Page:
The championship banners from the old schoolhouse of Scopitones have been shredded by the blade of a pre-programmed vintage beat.
The players are cloaked and their backs are turned away from the camera. They are walking away from the bandstand, heading towards the old bath room, under the old dark chocolate orange lighting.
The players are generating schoolhouse blues with width of seismic chords traveling out from amps. The amps are tumbling down steel stairs - followed by planks of wood. At the foot of the stairs, the planks land hard and split then spit out termite fossils - the etymology of entomology.
It makes for a puzzling Scopitone. The players are too far down the hall, behind digital distortion and shrieks, to provide any explicit action. The eyes try to follow the path of the small moving dark spots down the hall behind a twittering signal, but the score ends before composition. A strange taste of vintage filed down on the edges and volumized.
Pat Modugno – of Ohio’s lil bugged-out noise trio MothCock – is entering the room as Khaki Blazer, so shut the fuck up and let a boiii stunt on them beats for a minute. And as he takes the first step, the fellah just flailin’ ALL the Kicks. Save your “Oos” and “Ahhs” for Pat Sajak and his fake baldness. Shit, and y’all though D/P/I and Bootleg Tapes ripped up the post-beat scene game: NAH!!! There are sounds here that both fuck boys and heavy packin’ Gs can front on lyrically. Right now, drop your work and lay out a verse to one of these. Can’t on the spot? Better grip that Internet, Age of Information 5w4gg3r7 by naming your own price for digitals that can accompany you during that FUCKING commute; make the walking distance filled with Kicks. Who knows, it’s possible you could find that Khaki Blazer you always wanted.
Think of Kicks more like the time you found Pat Modugno modeling a khaki suit at the local thrift store. You all, “Yo, Pat. It’s me Clifford. I know you ain’t known me ever before, but…” and he like Shhh in a non-threatening but determined artist Shhh. Then you make it to the music isle and someone, probz the man in the Khaki Blazer, put a BUNCH of C90 dubs of Kicks in the bin, so you stock up and get popping on a few reelers ASAP.
• Khaki Blazer: https://khakiblazer.bandcamp.com
“Faust (Dominant Mix)”
Full screen, full volume, right now, you and you:
Well, that’s one way to get your industrial techno: No frills, no stereo, no dynamics. Just
Boom. Pow. Boom. Pow. Boom. Pow. Boom. Pow. Boom. Pow. Knock. Knock. Knock. Knock. On. Your. Damn. Skull. ‘Til. You. Can’t. See. Straight. Now. Now. Now. Now. Right. Now. Right. Boom. Pow. Boom. Pow.
Pointed to this track and its subsequent tape release for the Neuromodulations label by the fine Tachyons+ VHS surveillance video manipulation you can find below, courtesy of Bleu Nuit Video’s Rob Feulner, who blew me away last year with his incredible video-synth-opera “Faces of Emmanuelle.”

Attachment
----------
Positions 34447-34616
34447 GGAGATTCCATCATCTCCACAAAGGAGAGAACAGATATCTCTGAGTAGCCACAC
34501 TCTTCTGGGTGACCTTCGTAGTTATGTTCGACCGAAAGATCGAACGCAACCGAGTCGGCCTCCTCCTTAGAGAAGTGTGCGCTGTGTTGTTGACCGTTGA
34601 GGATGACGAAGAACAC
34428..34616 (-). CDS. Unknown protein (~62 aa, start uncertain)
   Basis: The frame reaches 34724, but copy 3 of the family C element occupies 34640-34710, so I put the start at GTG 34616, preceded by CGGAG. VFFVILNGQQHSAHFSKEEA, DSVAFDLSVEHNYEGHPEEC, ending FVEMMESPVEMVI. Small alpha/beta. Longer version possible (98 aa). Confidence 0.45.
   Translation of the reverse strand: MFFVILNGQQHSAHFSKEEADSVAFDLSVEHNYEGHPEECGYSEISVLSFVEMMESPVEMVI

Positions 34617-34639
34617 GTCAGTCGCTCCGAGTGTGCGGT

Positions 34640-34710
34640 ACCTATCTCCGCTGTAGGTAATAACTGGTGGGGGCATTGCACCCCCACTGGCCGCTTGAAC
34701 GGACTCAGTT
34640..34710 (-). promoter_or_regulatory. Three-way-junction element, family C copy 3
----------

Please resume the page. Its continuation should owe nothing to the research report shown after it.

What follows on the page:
• Neuromodulations: http://neuromodulate.tumblr.com
“Oh, C Monster is great because he can listen to EVERTHING.” Wrong! I’ve never been great at doing anything, EVER. Read the past thousand posts I’ve done in Chocolate Grinder. HINT: It ain’t “GREAT.”
In addition to my non-greatness, I can also not listen to EVERYTHING, because they still making commercials with music. Know when people say, “That’s too commercial for my taste?” Well, aside from a visual entity of this statement, it exactly works for music.
Think about the last four commercials you watched, but specifically remember the music atop these visuals. Try listing the similarities these songs all have. No continue until you die and avoid listening to this music by choice.
That is, unless you’re interested in a lil bit of the hold hyperbole, and in that case, ZOOM LENS has found the multiple layered commercial soundtrack of your dreams: DJ Obake’s “Voyager.” In “Voyager,” DJ Obake has found everything you find in commercials, or “What is so COMMERCIAL about music?” and triplicated and triplicated and triplicated these antiquated tracks into something beyond next level, but a variety of levels of music. Just layers caked into each other streaming left to right to right to up to down to left to up to right, down, left, up.
ZOOM LENS just popped of DJ Obake’s H last week, which includes “Voyager,” streaming below:
Tabs Out: Laser Focus #8
Tabs Out is an all-cassette podcast that’s been documenting the prolific tape underground with joyful obsession and humorous expertise since 2012. Tiny Mix Tapes has teamed with Tabs Out for a show called Laser Focus, in which tape aficionados/fetishists Mike Haley, Dave Doyen, and Joe B hone in on a specific label or artist. Check out the archive here.
If you are a fan of experimental tape labels or experimental sounds in general, then chances are you won’t need much of an introduction to Digitalis and its founder Brad Rose. The long-enduring label has been a linchpin around these parts for over a decade, releasing some of the most dazzling LPs, CDs, and cassettes by a wide array of artists, from Pulse Emitter and Jerry Paper to Tom Carter and Keith Fullerton Whitman, and back again. With his history of releasing a massive amount of magnetic tape upon the world and writing about them for both FACT and his now-defunct Foxy D site (which has since been spun off into Decoder), it’s safe to say that Brad Rose is a champion of the format. So it just made sense for us to give him a call to talk about his label, beer, and poop (a.k.a. The Trinity).
- Giant Claw “Tunnel Mind”
- William Selman “Chaîne Opératoire”
- Transfixed Movement “Stagnant Progressions”
- Analog Concept “Air Rings Vol. 2”
- Ant’lrd & Gardener split
- Joshua Davison “Return To The Origin Of The Cosmos”
Digitalis founder Brad Rose
Cover art for Brad Rose’s novella, “The Solatarium”